- If you agree we put your slides on this website. Keep in mind that if you have copied images in your slides this might not be possible anymore (copyright restrictions). Of course, it will not have any effect on your grade whether we may publish your slides or not.
Review of the proposal
- Give a short summary of the talk based on the proposal (to detect misunderstandings right at the start).
- Be generous with your criticism. It is very unlikely that a student will get a bad grade because you revealed some problems in his/her proposal. However, it is very likely that a student will get a better grade if he/she was able to resolve a problem in his/her talk, thanks to your review.
- Give reasons for your criticism (e.g., "It is not possible to understand Lemma 2 because term foo was not explained."). You are also allowed to give your personal opinions, if you do so mark them as such (e.g., "Theorem 1 is very difficult to understand, in my opinion you should give an example first.").
- The following questions might be helpful to write your review
Is the proposal sufficiently well written to be readable?
Is the appearance and structure of the proposal appropriate?
Is the comprehensibility of the talk supported by relevant examples and figures?
Is the proposed structure of the talk sensible and balanced?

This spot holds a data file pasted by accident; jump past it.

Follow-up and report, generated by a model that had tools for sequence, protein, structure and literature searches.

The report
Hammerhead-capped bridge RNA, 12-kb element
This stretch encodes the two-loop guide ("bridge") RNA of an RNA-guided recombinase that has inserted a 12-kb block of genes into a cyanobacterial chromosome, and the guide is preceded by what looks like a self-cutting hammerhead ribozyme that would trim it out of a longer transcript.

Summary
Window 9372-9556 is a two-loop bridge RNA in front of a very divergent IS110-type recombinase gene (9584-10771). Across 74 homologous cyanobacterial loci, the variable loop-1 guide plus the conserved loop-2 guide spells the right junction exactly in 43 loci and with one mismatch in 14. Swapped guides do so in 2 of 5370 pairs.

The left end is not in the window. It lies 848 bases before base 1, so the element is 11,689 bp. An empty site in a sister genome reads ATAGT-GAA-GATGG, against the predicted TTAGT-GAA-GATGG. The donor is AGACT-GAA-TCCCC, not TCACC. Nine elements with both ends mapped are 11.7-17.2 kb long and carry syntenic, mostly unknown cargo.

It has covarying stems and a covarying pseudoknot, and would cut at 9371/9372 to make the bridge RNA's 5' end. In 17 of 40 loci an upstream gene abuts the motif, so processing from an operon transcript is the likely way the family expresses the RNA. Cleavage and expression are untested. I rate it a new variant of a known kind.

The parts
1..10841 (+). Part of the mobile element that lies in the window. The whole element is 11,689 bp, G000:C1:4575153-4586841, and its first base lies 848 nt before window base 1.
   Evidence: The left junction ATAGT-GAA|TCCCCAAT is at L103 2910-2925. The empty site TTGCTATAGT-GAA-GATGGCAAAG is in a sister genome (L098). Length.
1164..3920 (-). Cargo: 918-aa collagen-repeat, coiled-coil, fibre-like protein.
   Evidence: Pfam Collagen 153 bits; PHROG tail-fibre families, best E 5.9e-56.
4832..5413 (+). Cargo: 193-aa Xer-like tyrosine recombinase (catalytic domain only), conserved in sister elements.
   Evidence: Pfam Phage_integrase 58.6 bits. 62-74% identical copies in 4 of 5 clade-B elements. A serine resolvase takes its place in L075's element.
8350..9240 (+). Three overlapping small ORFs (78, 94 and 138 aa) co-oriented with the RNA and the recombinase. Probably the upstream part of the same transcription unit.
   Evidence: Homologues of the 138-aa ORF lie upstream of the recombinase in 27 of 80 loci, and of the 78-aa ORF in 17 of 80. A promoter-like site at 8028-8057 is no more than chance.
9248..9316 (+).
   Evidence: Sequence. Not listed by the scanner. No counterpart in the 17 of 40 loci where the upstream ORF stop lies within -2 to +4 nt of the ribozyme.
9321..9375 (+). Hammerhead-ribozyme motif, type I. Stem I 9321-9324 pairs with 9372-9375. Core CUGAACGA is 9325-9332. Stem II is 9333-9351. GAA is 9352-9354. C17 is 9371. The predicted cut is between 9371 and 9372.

Are all propositions made by the author correct?
Is the line of reasoning concerning the presentation complete and accurate?
Has the author argued his/her case effectively?
Does the author use the common notation and terminology? Where would you suggest something different?
Is the schedule of the author sensible? Do you think the talk will fit into the 30 min time slot?
Your overall grade will be composed according to the following proportion.
- 10% grade of your proposal
- 20% grade of your reviews
- 70% grade of your talk
Some of the papers are only available via the network of our university (e.g., via vpn). If you have some problem accessing the papers, please ask us.
- Antoine Cailliau, Axel van Lamsweerde:
Handling knowledge uncertainty in risk-based requirements engineering. RE 2015: 106-115
- Sascha Konrad, Betty H. C. Cheng:
Real-time specification patterns. ICSE 2005: 372-381
- Jussi Kasurinen, Andrey Maglyas, Kari Smolander:
Is Requirements Engineering Useless in Game Development? REFSQ 2014: 1-16
- Tobias Morciniec, Andreas Podelski:
Using the requirements specification to infer the implicit test status of requirements. RE 2015: 362-371
- Amalinda Post, Jochen Hoenicke, Andreas Podelski:
rt-Inconsistency: A New Property for Real-Time Requirements. FASE 2011: 34-49
- Gursimran Singh Walia, Jeffrey C. Carver:
A systematic literature review to identify and classify software requirement errors. Information & Software Technology 51(7): 1087-1109 (2009)
- Prahladavaradan Sampath, Silky Arora, S. Ramesh:
Evolving specifications formally. RE 2011: 5-14
- Rehan Rauf, Michal Antkiewicz, Krzysztof Czarnecki:
Logical structure extraction from software requirements documents. RE 2011: 101-110
- Jean-Raymond Abrial, Michael J. Butler, Stefan Hallerstede, Thai Son Hoang, Farhad Mehta, Laurent Voisin:
Rodin: an open toolset for modelling and reasoning in Event-B. STTT 12(6): 447-466 (2010)